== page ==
Yahoo breach exposes the drawbacks of state-sponsored hacking
Relying on private hackers gives governments some deniability, but it can bring the whole scheme down
By Michael Kan
When governments turn to private hackers to carry out state-sponsored attacks, as the FBI alleges Russia did in the 2014 breach of Yahoo, they’re taking a big risk.
On the one hand, it gives them a bit of plausible deniability while reaping the potential spoils of each attack, but if the hackers aren’t kept on a tight leash things can turn bad.
Karim Baratov, the 22-year-old Canadian hacker who the FBI alleges Russia’s state security agency hired to carry out the Yahoo breach, didn’t care much for a low profile.
His Facebook and Instagram posts boasted of the million-dollar house he bought in a Toronto suburb and there were numerous pictures of him with expensive sports cars — the latest an Aston Martin DB9 with the license plate “MR KARIM.”
But forget those for a moment and consider he wasn’t very careful in hiding his hacking work.
His name is registered to several Russian-language websites that offer email hacking for between $80 and $90 per account. In the domain name records, he listed his home address.
“When you bring in amateurs who don’t follow standard protocol, that carries risk,” said Alex Holden, chief information security officer at Hold Security.
The breach of Yahoo happened in 2014. At the time, the company notified the FBI but only believed 26 accounts had been targeted. It wasn’t until mid 2016 that the true enormity of the hack started to become apparent.
Security experts say it’s possible Baratov or a second hacker hired to help might have bragged online about the hack at some point, tipping off U.S. investigators.
And then in August 2016 a database allegedly stolen from Yahoo was found circulating on the black market.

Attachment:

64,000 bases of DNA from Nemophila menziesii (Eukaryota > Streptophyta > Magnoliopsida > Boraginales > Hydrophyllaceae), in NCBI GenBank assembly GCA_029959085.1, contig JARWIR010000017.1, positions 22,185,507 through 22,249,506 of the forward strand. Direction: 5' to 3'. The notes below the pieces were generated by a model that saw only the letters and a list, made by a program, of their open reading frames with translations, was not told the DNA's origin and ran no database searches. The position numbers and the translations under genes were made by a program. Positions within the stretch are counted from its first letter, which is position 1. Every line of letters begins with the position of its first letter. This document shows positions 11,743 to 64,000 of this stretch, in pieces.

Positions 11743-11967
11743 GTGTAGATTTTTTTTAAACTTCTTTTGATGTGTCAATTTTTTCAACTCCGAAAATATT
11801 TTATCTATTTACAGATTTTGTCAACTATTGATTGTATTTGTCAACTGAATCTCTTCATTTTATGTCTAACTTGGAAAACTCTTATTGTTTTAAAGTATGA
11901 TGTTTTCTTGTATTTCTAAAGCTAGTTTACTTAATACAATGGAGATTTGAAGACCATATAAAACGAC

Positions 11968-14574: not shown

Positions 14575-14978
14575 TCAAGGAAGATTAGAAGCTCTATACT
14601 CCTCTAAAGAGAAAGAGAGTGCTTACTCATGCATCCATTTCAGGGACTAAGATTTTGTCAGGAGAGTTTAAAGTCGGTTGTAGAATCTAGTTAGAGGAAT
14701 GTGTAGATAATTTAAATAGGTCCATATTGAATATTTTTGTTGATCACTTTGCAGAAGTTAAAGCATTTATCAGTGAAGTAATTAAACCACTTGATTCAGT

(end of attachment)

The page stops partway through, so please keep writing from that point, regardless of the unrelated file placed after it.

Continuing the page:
“Some of the information about this hack was basically leaked,” Holden said. “That’s not a sign of a mature intelligence operation.”
So why did Russia turn to a 22-year-old from Canada? Language might have played a role.
According to the indictment, Baratov broke into the accounts through spear phishing email attacks, which are often designed to dupe victims into handing over password information.
However, spear phishing only works best if the emails appear authentic.
“The benefit of having Karim, the Canadian, on the team probably allowed creation of far more believable phishing attacks due to his being a native English speaker,” said Chester Wisniewski, a research scientist at security firm Sophos, in an email.
In addition to Baratov, the Russian agents allegedly hired a 29-year-old Latvian named Aleksey Belan, who pulled off the main hack against Yahoo, and stole the database involving 500 million user accounts.
By outsourcing the operation to Belan, Russia probably wanted to conceal the true motives for the Yahoo breach, Wisniewski said. Prior to Wednesday’s indictment, Belan himself was already a wanted man for hacks against U.S. e-commerce companies.
“Who better to assist in a break-in?” he said. “There is also the ‘cover’ of criminal actions to potentially obfuscate the spying that was allegedly the real purpose.”
In response to Wednesday’s criminal indictments by the FBI, the Russian government is denying any involvement, and calling the allegations a distraction.
Baratov, who has been arrested in Canada, is also claiming innocence, according to his lawyer. Meanwhile, Belan remains at large.
But if the allegations are true, it does show one example of how Russia is harnessing the power of cybercriminals for spying purposes — and how it can get sloppy.
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